Thanks to recent negotiations, the high school district in which I work just increased the top rates for all teachers by about 7%. Those teachers in the top tiers are now making just over $100,000. It's great to get such a nice raise. I know I am well paid in comparison to teachers around the California and the rest of the nation.
Here's the problem.
I am somewhat frustrated that there are teachers who make the same money as I do but work far less. There are some obvious things that contribute to the "teachers are glorified baby-sitters" mentality that often comes from the general public who do not truly know what it takes to be competent in our profession. (Why should we pay them more? They already get tons of free time!) It is something they may have experienced in the manufacturing end when they attended school. There really are teachers who work their contract hours only: 15 minutes before the first bell and 15 minutes after the last bell. Some of them are even able to get most lesson planning and most grading completed within those hours. One does not always see the hard work and design that goes into a product as complex as teaching human children.
I sometimes think I am doing something wrong when I think about those colleagues. I struggle with the planning and grading part, because of the complexity of many of the critical thinking assignments. I sometimes let things sit for a while before I grade them. I am working on improving this facet of my career. I generally do not do those tasks when I have students in the room- when we are together in class, my focus is with them- guiding, managing activities and learning and leading. I am also learning to let go of control of the grades. Self reflection and peer evaluation has a place in this arena for both students and teachers.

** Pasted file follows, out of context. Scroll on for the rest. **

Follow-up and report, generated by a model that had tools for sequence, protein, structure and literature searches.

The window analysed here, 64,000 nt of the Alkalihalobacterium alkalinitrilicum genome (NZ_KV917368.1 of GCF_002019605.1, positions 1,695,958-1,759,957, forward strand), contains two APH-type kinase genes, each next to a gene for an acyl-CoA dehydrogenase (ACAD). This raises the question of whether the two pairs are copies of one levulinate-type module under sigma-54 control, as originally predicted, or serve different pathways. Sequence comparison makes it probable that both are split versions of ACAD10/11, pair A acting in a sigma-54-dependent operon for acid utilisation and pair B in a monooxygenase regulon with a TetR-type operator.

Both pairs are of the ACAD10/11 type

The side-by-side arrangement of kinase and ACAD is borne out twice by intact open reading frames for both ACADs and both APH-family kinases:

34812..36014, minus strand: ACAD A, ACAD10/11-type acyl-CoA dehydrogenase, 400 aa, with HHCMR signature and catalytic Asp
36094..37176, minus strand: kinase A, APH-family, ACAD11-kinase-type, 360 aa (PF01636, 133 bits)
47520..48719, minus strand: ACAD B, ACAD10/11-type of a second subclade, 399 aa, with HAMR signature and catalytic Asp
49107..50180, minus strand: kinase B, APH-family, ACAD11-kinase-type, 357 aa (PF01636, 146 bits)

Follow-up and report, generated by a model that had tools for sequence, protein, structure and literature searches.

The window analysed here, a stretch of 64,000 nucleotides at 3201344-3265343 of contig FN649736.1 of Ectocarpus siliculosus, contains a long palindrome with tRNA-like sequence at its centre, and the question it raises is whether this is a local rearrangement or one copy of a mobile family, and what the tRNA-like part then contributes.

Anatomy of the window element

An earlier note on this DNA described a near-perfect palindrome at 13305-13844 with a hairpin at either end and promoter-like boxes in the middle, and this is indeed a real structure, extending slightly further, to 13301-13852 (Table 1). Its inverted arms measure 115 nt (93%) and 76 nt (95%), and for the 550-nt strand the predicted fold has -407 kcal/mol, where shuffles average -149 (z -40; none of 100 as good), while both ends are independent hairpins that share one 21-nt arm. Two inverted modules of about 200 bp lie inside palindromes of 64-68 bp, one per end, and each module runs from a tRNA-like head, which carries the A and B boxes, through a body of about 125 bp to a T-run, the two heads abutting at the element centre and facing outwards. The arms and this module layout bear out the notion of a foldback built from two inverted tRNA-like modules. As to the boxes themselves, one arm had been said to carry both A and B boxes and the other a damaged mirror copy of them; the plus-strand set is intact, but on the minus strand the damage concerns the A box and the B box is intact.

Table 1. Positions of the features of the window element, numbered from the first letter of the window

Here's what I think will make the conditions better.
It would help us to have fewer students in our class loads. I already have about 165 students that I see every day. There is a huge instructional difference in a class with 38 students and one with 25. I would willingly mentor 20-25 students for their entire 4 years if my actual class sizes were down to 25 students. I think it would keep them involved in school and continuing forward toward a positive career.
Collaboration and planning could be (better) shared if there were more teachers in each department willing to teach students with fewer (old) lecture notes and (really old) worksheets and more (updated) lab and inquiry activities that require critical thinking. We also need less discussion (complaining) about 504 and IEP requirements and more sharing of real world strategies to work with all students.
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At least in my district, we are part way there (for those teachers in the top years and educational levels). But the ones who are always only on campus from bell to bell should have to make some adjustments. I am ready to teach and work in the world Mike envisions. I wonder if others would join me?